Yeah I don’t know exactly when rock was the most popular form of music, but… it’s been a while. But I think as long as there are people who are making the music they want without trying to follow trends, eventually things will come back around again. Like “oh yeah that band was good,” even if it wasn’t like, their time, when they were first around. At the moment, I don’t even listen to a whole lot of rock, I just happen to be in a rock band. And yeah, there aren’t a whole lot of popular rock bands of any substance, but there are a lot that aren’t that popular, and I think there always will be. I still think it’s a cool thing, to be in a band and play guitar or play as a drummer, you know? I think that’s a cool setup and there’s still plenty to do with that. There are new, weird things happening with that all the time. I don’t think that will go away on an underground level.
On a sort-of related note, I caught some of your set a couple years ago when you played the Skate & Surf festival in NJ.
[Laughs] Oh yeah, that was a weird one.
Obviously it’s a festival that caters to emo and punk bands…
Yep… it does.
But it makes a bit of sense, right? There’s some punk in Cloud Nothings, the new record has some palm-muted power chords and some yelling. What’s your take on having crossover with that world?
Yeah I don’t know, I don’t mind it. I grew up listening to some punk in that realm. We cross over in interesting places, with people who I didn’t necessarily expect to be into what we do, but then I can definitely hear similarities between whatever music they’re into and us. And I get that, because I listen to all sorts of different stuff. And just because I think we sound like one thing, or because I don’t know what we sound like, that kinda leaves it open for anyone to be like, “that kinda sounds like my favorite… MxPx record or whatever.” And I can’t really tell how much the whole “emo revival” is like… real, or just something that people will write about just to write about it and put a bunch of bands together because… they can, and there’s an article. I don’t really understand a whole lot of the writing about that, but we do get thrown in there sometimes, and we do get thrown on some festivals like that. We played like a nu metal festival in Germany, where we played right after Papa Roach. Like they played “Last Resort,” and the singer yelled like, “Thank you, we are: Papa!” and then held the mic out, and the crowd was like “ROACH!” And then he dropped the mic and we had to start playing. So that was way weirder than Skate & Surf [laughs].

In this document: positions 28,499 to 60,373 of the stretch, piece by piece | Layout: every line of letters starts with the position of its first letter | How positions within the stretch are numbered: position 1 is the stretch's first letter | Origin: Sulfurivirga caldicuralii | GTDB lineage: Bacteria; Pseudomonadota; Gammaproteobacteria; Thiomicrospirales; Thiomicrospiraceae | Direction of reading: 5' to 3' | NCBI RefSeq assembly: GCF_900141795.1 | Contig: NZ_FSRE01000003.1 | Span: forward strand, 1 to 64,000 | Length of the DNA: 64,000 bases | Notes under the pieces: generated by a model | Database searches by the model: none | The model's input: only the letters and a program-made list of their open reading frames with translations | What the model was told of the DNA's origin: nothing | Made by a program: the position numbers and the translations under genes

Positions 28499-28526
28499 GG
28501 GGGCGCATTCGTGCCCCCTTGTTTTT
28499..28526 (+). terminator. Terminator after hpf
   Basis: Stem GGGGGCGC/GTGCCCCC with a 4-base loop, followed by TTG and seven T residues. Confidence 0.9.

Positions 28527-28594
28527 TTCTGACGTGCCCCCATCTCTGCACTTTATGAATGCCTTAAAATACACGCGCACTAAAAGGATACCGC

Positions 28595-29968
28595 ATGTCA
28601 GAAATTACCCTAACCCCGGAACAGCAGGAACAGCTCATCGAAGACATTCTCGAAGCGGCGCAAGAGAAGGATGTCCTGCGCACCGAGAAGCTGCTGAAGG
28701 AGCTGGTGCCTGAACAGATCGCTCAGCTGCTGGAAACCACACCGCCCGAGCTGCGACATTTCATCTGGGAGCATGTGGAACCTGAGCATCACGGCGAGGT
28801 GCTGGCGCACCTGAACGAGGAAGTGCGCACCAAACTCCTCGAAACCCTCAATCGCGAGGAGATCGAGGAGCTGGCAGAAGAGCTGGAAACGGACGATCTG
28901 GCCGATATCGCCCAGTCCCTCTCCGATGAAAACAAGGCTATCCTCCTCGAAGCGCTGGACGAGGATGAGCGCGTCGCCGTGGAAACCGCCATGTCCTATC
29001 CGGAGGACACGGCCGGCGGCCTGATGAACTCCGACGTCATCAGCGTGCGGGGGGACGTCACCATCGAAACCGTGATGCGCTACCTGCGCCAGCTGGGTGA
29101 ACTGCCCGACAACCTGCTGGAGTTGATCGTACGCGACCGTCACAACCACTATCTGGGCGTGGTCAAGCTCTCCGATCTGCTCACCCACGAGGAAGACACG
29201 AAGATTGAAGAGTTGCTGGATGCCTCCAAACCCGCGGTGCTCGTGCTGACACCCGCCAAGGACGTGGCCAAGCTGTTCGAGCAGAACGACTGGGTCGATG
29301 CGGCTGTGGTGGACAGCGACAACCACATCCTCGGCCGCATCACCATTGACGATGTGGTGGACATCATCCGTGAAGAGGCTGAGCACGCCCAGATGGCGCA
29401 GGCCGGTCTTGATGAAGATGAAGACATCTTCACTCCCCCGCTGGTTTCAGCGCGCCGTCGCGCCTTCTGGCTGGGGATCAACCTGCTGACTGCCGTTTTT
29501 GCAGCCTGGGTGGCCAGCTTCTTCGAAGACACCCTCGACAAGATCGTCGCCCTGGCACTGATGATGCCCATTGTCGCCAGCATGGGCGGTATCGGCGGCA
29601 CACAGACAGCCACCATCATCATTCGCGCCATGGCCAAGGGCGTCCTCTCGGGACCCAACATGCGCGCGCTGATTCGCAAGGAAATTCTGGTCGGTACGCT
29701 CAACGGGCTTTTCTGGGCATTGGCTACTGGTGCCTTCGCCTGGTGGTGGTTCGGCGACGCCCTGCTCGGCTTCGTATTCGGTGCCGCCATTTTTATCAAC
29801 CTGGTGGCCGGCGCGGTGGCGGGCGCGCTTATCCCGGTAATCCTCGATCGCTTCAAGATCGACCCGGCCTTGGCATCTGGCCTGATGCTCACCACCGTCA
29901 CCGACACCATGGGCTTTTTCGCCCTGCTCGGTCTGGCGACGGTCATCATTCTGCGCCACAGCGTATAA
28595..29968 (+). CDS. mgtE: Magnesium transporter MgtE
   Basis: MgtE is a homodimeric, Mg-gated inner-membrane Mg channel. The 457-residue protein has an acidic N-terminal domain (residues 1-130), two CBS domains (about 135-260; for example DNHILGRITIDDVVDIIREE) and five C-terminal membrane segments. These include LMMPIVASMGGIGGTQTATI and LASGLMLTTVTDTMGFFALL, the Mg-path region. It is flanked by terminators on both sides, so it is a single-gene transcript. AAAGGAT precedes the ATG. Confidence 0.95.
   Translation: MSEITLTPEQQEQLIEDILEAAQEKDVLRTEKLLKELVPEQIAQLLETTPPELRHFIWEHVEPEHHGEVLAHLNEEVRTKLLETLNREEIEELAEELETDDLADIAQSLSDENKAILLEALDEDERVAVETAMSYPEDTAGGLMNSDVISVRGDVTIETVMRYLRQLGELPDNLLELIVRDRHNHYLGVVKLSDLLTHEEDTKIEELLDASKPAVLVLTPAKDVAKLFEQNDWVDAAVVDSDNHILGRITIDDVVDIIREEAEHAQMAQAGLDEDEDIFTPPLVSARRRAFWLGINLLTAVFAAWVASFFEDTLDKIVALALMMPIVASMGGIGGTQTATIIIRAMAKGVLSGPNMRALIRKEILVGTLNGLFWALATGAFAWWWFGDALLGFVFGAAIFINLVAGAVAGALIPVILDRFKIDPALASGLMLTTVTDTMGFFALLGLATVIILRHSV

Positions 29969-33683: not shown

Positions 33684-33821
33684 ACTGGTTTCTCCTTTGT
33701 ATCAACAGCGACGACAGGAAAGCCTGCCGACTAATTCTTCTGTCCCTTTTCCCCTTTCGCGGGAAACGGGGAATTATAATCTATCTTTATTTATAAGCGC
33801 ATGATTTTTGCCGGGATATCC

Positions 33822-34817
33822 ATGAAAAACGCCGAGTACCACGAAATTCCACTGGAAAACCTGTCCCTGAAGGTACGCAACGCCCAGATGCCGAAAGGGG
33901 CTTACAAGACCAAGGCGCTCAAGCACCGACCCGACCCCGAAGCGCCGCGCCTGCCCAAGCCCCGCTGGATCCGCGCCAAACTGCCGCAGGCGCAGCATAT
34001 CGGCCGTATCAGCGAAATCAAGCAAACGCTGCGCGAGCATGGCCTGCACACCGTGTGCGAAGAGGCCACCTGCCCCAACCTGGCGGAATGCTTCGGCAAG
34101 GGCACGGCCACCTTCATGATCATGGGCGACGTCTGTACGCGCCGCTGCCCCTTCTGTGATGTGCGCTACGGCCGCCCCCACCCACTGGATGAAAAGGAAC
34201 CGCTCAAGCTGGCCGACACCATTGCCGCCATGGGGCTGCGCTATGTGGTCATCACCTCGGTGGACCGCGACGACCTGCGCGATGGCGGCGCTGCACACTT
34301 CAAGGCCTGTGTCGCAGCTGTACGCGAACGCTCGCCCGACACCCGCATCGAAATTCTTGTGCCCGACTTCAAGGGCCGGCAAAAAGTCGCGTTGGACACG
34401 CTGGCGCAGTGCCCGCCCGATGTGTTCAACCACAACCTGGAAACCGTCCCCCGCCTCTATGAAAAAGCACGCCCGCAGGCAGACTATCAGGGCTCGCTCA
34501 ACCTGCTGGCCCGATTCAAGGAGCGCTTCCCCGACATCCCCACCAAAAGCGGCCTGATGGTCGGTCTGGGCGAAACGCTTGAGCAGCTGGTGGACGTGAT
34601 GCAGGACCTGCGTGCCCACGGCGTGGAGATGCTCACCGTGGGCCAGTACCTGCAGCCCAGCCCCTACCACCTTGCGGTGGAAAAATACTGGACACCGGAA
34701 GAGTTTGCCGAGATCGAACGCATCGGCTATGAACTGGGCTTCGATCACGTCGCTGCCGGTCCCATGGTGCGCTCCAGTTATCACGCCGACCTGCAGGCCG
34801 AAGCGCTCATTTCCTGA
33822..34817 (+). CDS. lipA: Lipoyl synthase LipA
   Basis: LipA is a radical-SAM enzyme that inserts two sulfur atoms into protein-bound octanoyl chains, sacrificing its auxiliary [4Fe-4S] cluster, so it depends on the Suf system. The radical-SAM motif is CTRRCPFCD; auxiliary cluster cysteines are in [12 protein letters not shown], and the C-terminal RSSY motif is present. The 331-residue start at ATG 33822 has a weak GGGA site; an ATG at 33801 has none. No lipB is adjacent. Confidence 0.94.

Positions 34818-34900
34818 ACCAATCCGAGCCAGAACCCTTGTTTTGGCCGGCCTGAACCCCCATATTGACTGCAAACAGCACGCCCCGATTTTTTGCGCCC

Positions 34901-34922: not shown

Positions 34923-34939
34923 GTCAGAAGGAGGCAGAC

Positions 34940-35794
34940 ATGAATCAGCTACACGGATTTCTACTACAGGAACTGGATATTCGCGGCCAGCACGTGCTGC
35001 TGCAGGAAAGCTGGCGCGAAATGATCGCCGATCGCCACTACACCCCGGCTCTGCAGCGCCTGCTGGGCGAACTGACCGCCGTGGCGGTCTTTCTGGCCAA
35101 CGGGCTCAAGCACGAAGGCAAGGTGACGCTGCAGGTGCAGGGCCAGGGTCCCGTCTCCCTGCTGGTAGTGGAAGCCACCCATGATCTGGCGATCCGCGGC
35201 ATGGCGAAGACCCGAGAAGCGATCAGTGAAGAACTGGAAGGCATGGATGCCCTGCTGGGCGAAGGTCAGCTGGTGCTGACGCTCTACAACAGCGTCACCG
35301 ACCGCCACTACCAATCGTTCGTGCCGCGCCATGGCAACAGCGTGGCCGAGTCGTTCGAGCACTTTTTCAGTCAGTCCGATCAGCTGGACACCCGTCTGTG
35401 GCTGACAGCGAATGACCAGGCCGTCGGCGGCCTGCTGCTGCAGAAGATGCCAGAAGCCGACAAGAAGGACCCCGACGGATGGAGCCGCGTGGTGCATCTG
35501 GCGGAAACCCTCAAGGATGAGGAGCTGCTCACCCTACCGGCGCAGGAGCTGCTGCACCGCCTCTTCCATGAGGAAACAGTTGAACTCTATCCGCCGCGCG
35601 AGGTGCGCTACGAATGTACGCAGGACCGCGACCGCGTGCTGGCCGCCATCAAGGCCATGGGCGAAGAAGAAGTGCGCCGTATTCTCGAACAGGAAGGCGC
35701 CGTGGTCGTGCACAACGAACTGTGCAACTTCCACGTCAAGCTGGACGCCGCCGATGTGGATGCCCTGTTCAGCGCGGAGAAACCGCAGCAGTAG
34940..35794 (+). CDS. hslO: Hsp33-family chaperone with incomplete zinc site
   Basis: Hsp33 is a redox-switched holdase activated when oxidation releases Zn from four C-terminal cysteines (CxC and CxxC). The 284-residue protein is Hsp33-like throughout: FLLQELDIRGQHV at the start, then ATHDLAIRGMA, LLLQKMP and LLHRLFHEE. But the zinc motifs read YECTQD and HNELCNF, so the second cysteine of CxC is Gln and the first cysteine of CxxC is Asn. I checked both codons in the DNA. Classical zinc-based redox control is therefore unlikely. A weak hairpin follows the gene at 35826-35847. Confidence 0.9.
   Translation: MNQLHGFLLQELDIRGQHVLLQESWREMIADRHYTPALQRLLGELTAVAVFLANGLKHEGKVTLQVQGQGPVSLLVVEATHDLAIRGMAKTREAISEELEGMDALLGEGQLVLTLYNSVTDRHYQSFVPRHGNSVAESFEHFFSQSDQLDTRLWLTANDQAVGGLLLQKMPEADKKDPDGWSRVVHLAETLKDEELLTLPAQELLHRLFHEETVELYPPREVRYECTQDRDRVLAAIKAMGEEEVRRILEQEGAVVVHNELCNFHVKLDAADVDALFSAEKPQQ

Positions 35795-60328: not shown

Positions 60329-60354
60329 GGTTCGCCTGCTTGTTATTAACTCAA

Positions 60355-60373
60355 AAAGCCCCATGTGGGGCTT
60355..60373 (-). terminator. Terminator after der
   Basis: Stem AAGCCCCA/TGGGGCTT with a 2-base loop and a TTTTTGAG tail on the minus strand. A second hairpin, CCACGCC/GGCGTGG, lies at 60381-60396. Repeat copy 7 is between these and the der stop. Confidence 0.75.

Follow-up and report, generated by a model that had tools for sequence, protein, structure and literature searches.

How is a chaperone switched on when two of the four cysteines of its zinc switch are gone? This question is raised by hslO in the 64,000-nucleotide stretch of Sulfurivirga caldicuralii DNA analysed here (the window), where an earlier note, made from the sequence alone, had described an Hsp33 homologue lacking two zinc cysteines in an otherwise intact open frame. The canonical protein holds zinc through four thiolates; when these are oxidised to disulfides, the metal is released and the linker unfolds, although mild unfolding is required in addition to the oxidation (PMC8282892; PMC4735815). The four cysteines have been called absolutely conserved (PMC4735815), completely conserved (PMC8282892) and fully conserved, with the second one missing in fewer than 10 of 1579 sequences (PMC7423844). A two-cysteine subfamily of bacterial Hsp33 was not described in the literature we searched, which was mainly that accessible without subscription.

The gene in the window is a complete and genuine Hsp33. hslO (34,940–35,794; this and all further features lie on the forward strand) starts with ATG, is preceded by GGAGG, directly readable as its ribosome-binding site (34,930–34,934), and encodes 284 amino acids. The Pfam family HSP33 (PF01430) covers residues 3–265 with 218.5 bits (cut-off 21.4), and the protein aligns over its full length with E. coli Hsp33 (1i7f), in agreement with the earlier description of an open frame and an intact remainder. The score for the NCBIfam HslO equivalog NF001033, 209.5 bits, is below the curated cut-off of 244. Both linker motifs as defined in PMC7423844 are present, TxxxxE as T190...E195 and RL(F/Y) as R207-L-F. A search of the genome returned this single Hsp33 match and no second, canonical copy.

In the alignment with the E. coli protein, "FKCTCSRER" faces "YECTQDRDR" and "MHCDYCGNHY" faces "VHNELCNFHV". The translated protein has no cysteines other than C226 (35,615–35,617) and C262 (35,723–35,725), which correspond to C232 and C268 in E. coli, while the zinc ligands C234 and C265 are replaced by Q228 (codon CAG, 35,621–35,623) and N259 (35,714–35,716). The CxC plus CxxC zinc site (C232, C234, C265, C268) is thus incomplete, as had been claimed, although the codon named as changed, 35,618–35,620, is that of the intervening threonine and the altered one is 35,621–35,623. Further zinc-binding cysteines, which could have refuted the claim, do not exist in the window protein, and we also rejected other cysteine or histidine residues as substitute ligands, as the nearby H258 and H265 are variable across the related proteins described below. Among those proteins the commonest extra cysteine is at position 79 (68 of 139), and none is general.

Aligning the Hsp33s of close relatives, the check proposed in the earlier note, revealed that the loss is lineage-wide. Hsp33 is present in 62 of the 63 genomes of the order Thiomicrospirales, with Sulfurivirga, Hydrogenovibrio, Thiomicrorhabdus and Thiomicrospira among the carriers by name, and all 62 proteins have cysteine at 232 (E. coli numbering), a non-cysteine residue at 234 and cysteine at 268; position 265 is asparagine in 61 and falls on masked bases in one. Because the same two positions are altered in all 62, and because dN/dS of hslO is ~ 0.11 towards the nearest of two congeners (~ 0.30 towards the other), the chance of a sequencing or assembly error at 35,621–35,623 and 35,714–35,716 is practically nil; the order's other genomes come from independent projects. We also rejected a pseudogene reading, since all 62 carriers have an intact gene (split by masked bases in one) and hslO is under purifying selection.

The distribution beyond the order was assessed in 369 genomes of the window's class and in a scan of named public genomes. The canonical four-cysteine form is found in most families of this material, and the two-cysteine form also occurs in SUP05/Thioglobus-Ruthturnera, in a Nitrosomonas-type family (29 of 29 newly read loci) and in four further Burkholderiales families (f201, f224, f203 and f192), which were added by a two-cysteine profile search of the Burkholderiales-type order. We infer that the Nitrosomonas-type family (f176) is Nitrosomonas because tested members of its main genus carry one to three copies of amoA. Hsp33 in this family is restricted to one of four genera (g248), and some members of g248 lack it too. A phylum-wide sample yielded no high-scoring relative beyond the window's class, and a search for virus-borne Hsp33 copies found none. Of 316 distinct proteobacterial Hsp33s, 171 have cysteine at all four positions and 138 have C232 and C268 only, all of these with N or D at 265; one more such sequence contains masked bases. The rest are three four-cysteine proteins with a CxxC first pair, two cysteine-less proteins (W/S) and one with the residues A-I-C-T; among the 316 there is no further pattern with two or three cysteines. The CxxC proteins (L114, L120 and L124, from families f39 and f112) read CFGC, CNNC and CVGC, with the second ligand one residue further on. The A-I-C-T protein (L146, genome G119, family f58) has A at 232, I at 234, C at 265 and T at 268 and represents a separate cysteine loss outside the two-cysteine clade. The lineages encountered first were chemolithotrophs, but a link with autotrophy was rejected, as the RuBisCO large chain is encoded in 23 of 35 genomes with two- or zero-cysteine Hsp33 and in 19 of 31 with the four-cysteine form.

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Cloud Nothings also have a lot of touring coming up. Their schedule includes a run with LVL UP which hits NYC on February 1 at Webster Hall (tickets). They also play day three (7/30) of NYC’s Panorama festival, the day with Nine Inch Nails, A Tribe Called Quest, Angel Olsen, and more (tickets). All dates below.
Enter to win a pair of tickets to Cloud Nothings’ 2/1 show at Webster Hall with LVL UP.
Cloud Nothings — 2017 Tour Dates
01/26 Cleveland, OH – Beachland Ballroom
01/27 Toronto, ON – Lee’s Palace
01/28 Montreal, QC – Fairmount Theatre
01/30 Philadelphia, PA – Union Transfer
01/31 Boston, MA – Paradise
02/01 New York, NY – Webster Hall
02/03 Baltimore, MD – Ottobar
02/04 Columbus, OH – A&R Music Bar
02/06 Grand Rapids, MI – Calvin College
02/07 Detroit, MI – El Club
02/09 Madison, WI – High Noon Saloon
02/10 Chicago, IL – Thalia Hall
02/11 Minneapolis, MN – Fine Line
02/12 Milwaukee, WI – Turner Hall
02/15 Portland, OR – Doug Fir
02/16 Vancouver, BC – Biltmore Cabaret
02/17 Seattle, WA – Barboza
02/18 Seattle, WA – Barboza
02/20 San Francisco, CA – The Independent
02/22 Los Angeles, CA – Teragram Ballroom
03/01 Copenhagen – Loppen
03/02 Malmo, SE – Babel
03/03 Stockholm, SE – Debaser Strand
03/05 Oslo, NO – Parkteatret
03/06 Hamburg, DE – Knust
03/07 Berlin, DE – Bi Nuu
03/08 Munich, DE – Kranhalle
03/09 Cologne, DE – Luxor
03/11 Amsterdam, NL – Paradiso
03/12 Brussels, BE – Botanique
03/14 Paris, FR – Petit Bain
03/16 Bristol, UK – Thekla
03/17 Glasgow, UK – Stereo
03/18 Manchester, UK – Deaf Institute
03/19 Leeds, UK – Brudenell Social Club
03/21 London, UK – Koko
03/22 Birmingham, UK – The Hare & Hounds
03/23 Brighton, UK – The Haunt
05/12-14 Atlanta, GA – Shaky Knees Festival
07/30 New York, NY – Panorama Festival